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Silicon Info:  Light Absorption

Besides variations in t, another property of silicon that can impact solar cell performance as a consequence of the growth method - in this case, because of the growth method's effect on geometry - is the absorption coefficient, a. This is defined as the inverse distance in cm required for the intensity of incident light to fall to 1/e of its initial value.  The absorption coefficient is a function of wavelength.  Because Si is an indirect-bandgap semiconductor, the absorption edge is not sharp, and for some of the thin-layer growth methods, useful light passes through the silicon without being absorbed.  The absorbed useable fraction of photons as a function of Si layer thickness is shown below for the typical light spectrum incident on the Earth (Wang et al., 1996).  While 100% of the light is used in 300-mm wafers, this falls off to 90% in 50-mm thin layers and 70% in 10-mm thin layers. Thus, if thin-layer Si solar cells are to be effective, it will be necessary to enhance the optical path length by appropriate surface coatings or texturing to cause multiple passes of the light in the thin structure.  An advantage of thin Si layers is that shorter minority-carrier lifetimes can be tolerated because the generated carriers do not have as far to travel before reaching the contacts.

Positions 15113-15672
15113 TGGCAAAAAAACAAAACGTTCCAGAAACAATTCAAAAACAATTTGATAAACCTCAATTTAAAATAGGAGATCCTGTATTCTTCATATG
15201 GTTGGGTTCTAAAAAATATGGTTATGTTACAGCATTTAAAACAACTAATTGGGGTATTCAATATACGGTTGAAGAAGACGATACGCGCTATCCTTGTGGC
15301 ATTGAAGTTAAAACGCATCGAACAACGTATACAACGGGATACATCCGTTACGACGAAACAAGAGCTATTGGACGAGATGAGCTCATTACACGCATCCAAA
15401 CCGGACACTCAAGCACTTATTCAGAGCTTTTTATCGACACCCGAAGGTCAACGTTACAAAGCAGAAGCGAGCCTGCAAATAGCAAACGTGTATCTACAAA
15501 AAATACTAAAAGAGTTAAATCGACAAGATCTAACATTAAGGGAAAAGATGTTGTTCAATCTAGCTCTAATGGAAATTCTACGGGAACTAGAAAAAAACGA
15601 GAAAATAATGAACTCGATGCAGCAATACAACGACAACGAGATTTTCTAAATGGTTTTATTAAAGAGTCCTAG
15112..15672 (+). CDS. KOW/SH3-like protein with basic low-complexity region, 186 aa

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Wang, T.H., Ciszek, T.F., Schwertfeger, C.R., Moutinho, H., and Matson, R. (1996) Solar Energy Mat. and Solar Cells 41/42, 19.

 


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This page was last updated on June 19, 2016